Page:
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Quantifying Myself: Under Pressure

123/80 = blood pressure at 4:46 pm.
June 20, 2011

In addition to recording activity and calories, the Fitbit provides an online dashboard to manually record weight, blood pressure, glucose levels, and other factors. Because I would frequently look at my dashboard throughout the day, I found myself recording my blood pressure much more regularly. (Thanks to a family history of hypertension, I have a blood pressure monitor at both home and work. But I typically forget to use it for months. And when I have a doctor’s appointment, I invariably forget to bring the written record.)

Fitbit users can track various personal metrics on their Fitbit home page.

On the negative side, the Fitbit’s graph of blood pressure data is fairly low-resolution and would be difficult to share with my doctor. And I couldn’t find a way to get the raw data or create a more meaningful printout. So for blood pressure tracking, I ultimately switched over to MedHelp, an online tool that lets you track a multitude of health trends, such as mood, pain, and ovulation, in a higher-resolution graph. Medhelp can be set to send e-mail reminders to update your chosen tracker daily, weekly, or monthly. (A downside to MedHelp’s blood pressure tracker: it doesn’t allow you to record multiple readings for a single day.)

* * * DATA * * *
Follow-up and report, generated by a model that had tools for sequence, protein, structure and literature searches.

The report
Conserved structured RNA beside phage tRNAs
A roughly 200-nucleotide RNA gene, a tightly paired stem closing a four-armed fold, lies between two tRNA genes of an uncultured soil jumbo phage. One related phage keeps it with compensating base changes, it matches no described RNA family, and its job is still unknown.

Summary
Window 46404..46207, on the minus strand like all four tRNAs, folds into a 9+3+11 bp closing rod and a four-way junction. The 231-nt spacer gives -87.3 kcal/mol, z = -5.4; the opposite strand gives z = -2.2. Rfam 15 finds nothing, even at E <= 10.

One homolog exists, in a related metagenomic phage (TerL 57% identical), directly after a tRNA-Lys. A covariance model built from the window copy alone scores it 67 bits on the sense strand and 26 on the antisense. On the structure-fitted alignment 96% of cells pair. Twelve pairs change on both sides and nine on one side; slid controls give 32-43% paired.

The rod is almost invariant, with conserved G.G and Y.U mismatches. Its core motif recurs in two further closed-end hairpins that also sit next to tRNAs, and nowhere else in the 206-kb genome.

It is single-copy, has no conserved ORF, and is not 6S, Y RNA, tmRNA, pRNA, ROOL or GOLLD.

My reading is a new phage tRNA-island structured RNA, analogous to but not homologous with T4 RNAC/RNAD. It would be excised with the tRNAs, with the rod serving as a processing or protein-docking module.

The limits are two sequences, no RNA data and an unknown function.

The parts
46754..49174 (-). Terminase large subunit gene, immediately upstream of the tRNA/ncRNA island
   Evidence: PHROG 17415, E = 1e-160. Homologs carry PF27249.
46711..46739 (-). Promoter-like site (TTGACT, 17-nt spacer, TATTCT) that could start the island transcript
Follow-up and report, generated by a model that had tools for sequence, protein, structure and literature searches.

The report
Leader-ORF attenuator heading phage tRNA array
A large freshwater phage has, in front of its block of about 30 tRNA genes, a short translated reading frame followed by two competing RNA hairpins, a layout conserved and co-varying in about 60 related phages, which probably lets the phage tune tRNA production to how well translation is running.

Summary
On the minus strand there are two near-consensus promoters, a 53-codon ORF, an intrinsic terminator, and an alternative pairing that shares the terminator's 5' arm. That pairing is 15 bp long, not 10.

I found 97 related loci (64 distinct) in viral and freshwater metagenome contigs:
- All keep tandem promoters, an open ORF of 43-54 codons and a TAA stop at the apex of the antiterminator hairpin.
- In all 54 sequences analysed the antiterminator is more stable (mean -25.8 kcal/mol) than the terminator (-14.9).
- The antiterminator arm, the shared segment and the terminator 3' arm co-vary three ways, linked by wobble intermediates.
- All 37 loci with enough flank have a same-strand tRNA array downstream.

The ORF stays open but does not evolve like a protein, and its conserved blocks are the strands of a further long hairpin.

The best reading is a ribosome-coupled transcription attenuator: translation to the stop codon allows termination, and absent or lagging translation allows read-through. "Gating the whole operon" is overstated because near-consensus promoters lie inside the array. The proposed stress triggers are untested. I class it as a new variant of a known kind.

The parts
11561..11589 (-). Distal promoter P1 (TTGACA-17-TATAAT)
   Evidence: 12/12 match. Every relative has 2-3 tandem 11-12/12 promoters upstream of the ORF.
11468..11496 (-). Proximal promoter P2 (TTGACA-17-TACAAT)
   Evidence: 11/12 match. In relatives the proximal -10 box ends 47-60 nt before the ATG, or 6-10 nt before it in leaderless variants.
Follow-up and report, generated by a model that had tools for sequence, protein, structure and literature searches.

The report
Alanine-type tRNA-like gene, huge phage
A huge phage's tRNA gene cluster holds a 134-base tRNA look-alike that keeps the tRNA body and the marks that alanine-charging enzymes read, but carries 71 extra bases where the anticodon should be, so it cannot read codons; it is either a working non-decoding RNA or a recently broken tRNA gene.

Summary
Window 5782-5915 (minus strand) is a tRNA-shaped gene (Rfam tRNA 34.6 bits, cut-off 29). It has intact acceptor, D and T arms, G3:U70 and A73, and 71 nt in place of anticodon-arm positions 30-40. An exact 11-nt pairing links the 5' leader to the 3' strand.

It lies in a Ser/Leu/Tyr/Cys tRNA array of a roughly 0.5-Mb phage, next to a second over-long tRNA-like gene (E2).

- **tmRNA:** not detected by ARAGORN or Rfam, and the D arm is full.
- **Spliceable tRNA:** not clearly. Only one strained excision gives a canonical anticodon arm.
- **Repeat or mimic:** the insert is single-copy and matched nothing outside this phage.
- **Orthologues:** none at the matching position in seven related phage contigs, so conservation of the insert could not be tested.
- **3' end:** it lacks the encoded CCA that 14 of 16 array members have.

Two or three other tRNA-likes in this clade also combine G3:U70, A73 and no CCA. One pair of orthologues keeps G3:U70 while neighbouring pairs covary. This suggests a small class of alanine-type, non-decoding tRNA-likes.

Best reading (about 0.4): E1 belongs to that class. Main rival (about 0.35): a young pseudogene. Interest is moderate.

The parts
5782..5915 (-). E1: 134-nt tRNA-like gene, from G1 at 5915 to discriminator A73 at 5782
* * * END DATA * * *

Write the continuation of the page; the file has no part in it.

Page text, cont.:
The MedHelp blood pressure tracker produces a higher-resolution graph that I think will be more useful for my doctor.

By more closely monitoring my blood pressure, I discovered the significant effect that medications can have. Taking ibuprofen for back pain consistently boosts it by 10 or more points. The increases were linked specifically to the medication, rather than to the level of pain. Ibuprofen and other NSAIDS (nonsteroidal anti-inflammatory drugs) have previously been linked to hypertension, but I didn’t know that. I hope I will be able to track these kinds of changes more closely with Withings’s new Wi-Fi enabled blood pressure monitor, which recently went on the market in Europe.

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